Paper Love

I’ve been noticing for a while now that there are a lot of stories out there about the demise of print — stories that have the same trajectory:  news of some paper substitute (the Kindle being the most recent), news of some grand  paper institution going under, and then something about how MUCH paper means to us and how awful it would be if it disappeared.  

I ignore these stories.  Really.  I’m too busy reading the next book on my list of things to read and writing more things for other people to read someday.  But today I am thinking more about them, because I have been reading (in print, I’d add) about the dire straits many print newspapers find themselves in and also about National Geographic being in trouble.  What kind of world would it be if we didn’t have National Geographic to bring us beautiful pictures of what we can’t go and visit ourselves? And what would we do without newspapers to dig up the dirt on people who’re doing bad things and hiding behind powerful institutions?   So, today, I am taking stock of my relationship to words on paper and words online.  Why?  I’d like to know whether I’ve deserted my  paper love without even knowing it.  

It turns out, I get plenty of words electronically (blogs! pictures of celebrities wearing bad clothes!).  But they don’t replace the things I get on paper.  I still read newspapers in their print form, because I like being reminded that there is, in fact a world turning one day at a time.  There’s something about having the paper hit my porch that makes me feel like I’m part of that world.  I rarely look at the news online, unless it’s a story that’s developing more quickly than it can be covered in a daily paper (the election, for example).  But it’s been years since I’ve looked up the starting time for a movie in the paper.  It’s faster to do that online.  And I’m afraid that what’s happened to newspapers is that maybe they haven’t figured out how to replace their money making stuff (like theater ads and classifieds) with other ways of getting people to pay for the news.  

As for books, I’m devoted to paper.  I recently decided that I don’t need to get a Kindle.  I only read one book at a time when I go out of town, or at most two, and I don’t want to spend over $300 on something that basically compresses books so you can carry a lot of them around with you.  But someday, if the Kindle can give me something that expands on print, I might buy it.  Many magazines are already doing this “print plus” thing beautifully —- every magazine I subscribe to has a really terrific website, which I think is the most successful way for a magazine to stay vital — by using the web as an adjunct to the magazine, rather than a replacement.

 The New Yorker, for example, has a great website — the fiction podcasts are just one of many cool features.  And my favorite cooking magazine, Cook’s Illustrated, has a really, really good website, which I even paid extra to access because I love its search function.  Poetry Magazine?  Another fine web presence.  The Poetry Tool is particularly wonderful.  (Want to find a poem appropriate to celebrate your friend’s engagement?  This site will lead you to John Donne’s The Bait.  You should read that poem today, you know.  Life is short.  John Donne matters.)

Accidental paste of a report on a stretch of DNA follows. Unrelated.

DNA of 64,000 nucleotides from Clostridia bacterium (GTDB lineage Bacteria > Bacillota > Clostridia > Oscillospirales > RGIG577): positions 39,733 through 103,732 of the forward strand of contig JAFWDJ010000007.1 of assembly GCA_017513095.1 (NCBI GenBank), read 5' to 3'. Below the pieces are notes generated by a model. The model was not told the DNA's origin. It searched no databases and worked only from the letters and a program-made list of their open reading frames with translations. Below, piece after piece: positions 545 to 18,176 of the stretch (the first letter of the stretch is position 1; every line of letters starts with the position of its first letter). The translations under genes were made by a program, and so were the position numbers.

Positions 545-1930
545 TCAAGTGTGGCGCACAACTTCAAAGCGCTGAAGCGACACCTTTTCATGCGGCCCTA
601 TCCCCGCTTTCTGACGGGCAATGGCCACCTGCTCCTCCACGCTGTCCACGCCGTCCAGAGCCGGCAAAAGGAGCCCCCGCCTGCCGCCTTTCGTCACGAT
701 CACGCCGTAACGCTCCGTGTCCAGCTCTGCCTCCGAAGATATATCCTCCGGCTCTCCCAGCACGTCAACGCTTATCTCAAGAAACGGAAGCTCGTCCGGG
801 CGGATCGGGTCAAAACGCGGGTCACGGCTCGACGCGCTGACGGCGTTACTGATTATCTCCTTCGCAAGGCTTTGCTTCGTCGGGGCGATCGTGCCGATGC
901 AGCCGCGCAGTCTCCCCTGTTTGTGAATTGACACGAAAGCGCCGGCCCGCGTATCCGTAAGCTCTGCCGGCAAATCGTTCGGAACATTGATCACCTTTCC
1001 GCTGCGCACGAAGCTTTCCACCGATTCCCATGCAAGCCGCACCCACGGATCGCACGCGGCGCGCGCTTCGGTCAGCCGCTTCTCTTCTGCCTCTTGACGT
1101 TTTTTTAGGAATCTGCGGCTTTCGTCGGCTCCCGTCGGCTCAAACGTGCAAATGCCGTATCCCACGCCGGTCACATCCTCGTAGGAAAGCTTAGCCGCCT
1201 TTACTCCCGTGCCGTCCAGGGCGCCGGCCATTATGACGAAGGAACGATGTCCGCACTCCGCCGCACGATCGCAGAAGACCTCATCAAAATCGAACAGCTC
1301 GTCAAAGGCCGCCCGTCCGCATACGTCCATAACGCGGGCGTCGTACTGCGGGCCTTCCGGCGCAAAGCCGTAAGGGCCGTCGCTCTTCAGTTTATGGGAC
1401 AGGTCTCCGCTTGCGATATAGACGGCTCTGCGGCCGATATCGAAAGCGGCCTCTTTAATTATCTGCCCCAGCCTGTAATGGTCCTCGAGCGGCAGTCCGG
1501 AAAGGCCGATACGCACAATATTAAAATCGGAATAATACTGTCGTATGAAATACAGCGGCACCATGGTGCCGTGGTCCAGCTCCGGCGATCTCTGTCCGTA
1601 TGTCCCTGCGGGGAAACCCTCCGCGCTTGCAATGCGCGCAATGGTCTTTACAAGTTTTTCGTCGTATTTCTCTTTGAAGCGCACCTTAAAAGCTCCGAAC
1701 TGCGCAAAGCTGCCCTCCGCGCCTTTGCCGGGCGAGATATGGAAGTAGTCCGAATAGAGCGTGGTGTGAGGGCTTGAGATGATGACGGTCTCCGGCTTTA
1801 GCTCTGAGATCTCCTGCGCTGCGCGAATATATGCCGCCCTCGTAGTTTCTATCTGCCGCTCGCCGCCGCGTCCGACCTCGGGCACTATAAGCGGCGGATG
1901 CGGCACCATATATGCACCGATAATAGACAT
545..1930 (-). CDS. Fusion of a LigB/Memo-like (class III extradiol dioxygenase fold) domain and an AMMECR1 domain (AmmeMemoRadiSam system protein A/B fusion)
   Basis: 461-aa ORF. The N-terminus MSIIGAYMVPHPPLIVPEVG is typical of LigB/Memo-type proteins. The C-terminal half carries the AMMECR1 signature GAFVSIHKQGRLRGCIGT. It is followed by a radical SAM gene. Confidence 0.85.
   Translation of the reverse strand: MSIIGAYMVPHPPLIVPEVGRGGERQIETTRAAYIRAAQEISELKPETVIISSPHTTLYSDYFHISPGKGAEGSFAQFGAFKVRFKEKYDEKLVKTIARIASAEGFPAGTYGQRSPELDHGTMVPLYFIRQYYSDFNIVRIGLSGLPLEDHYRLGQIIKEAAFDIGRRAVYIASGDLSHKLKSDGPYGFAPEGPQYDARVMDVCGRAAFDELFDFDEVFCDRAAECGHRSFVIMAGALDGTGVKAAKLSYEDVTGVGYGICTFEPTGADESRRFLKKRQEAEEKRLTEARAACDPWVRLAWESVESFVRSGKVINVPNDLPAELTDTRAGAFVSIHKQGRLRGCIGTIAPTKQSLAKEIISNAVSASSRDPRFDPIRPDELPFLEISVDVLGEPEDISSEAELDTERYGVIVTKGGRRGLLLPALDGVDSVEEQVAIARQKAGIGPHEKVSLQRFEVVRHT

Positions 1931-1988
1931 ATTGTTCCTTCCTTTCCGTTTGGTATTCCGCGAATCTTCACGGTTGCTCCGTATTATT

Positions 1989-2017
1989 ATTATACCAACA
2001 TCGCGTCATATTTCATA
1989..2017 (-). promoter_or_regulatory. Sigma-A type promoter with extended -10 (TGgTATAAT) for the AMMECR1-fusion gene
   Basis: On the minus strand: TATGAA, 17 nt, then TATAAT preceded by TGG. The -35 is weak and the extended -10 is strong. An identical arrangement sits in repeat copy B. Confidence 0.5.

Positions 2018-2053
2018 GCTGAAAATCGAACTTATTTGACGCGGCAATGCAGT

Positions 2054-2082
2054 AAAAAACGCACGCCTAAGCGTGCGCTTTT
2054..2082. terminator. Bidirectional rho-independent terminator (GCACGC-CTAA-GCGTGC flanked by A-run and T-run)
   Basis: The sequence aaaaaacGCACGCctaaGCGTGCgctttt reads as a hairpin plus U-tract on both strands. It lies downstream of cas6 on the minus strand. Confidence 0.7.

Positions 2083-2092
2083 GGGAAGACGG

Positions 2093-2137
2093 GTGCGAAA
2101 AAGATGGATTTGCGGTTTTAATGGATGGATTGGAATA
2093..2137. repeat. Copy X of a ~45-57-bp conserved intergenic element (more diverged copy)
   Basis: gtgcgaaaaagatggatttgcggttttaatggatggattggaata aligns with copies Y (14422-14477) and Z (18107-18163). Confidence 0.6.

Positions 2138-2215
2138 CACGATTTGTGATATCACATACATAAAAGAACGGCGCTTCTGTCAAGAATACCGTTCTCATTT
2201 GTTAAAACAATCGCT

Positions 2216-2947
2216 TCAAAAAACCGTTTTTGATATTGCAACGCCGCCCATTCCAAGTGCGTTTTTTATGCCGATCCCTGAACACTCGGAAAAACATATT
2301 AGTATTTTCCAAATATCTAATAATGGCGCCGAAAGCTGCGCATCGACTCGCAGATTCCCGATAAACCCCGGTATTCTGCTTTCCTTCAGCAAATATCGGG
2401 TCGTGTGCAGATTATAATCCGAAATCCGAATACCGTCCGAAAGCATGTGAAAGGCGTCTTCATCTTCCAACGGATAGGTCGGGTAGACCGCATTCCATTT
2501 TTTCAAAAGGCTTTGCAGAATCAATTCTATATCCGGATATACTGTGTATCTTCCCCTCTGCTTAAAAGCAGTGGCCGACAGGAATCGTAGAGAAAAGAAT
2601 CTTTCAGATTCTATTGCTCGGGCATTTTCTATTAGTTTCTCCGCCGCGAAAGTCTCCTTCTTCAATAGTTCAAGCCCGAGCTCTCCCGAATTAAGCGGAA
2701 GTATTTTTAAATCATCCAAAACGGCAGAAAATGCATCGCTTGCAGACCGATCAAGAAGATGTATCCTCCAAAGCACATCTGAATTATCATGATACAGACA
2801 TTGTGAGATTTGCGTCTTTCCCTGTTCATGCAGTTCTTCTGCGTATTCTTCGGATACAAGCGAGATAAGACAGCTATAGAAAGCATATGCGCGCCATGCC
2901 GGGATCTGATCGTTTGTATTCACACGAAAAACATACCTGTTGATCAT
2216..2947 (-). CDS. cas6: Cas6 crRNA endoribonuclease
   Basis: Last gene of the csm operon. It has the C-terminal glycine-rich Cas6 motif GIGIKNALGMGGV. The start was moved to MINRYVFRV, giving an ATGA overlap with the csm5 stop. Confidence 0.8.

So, today I subscribed to National Geographic.  One of my children is a non-fiction, magazine reader.  I think he’d like National Geographic.  Our subscription ran out some time ago and I didn’t renew it because they were too young for it.  Now, they’re not.  Do they  have a good website?  Yes, they do.  How much does a subscription cost?  $15.  That’s really, really cheap, if you think about it — $1.10 a month for a lot of pictures and articles you can read in bed at night.  The funny thing is that I have no idea where I read that National Geographic was having trouble — all I know is that I’m glad I thought about it yesterday, because my kid is going to love getting it.  

I am certainly not representative of the public as a whole.  A lot of people don’t read.  But, among people who do read, I’m going to guess that I’m pretty typical in my love of both things on paper and things online.  They’re different media, and so it makes sense that they fill different needs.  But what I’m most interested in is seeing how they can enhance each other — how one’s love of paper need not be diminished by one’s love of the online world.  I’m in favor of marriages — where paper and the web make beautiful music together, rather than one killing the other off.   There’s a  long, weird metaphor in there, but I’ve got a lot of reading to do today, so I’ll stop right here.

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12 thoughts on “Paper Love

  1. When I was in seminary I worked in the library building boxes for the preservation of rare books. The oldest books in the seminary’s library were clay tablets from Sumeria, and so I became familiar with how the book has developed, and the evolution of the book has been a progression away from objects that last. First we wrote on clay and stone, then animal skins, then parchment, then cotton rag paper, then wood pulp paper, and now our writing is preserved in electronic code. Each step has made reading more affordable which is wonderful, and each step has made the written word more disposable which is a shame.

    I’m glad for the ease of electronic media, but I also feel a need surround myself with the longevity and the ancient wisdom of books.

    Incidentally–since you mentioned him–when I was in seminary I discovered in the library an extremely rare first edition John Donne, with a handwritten inscription by John Donne’s son. It was a magical moment–something that could never happen electronically.

    Thank God for the internet; long live the book!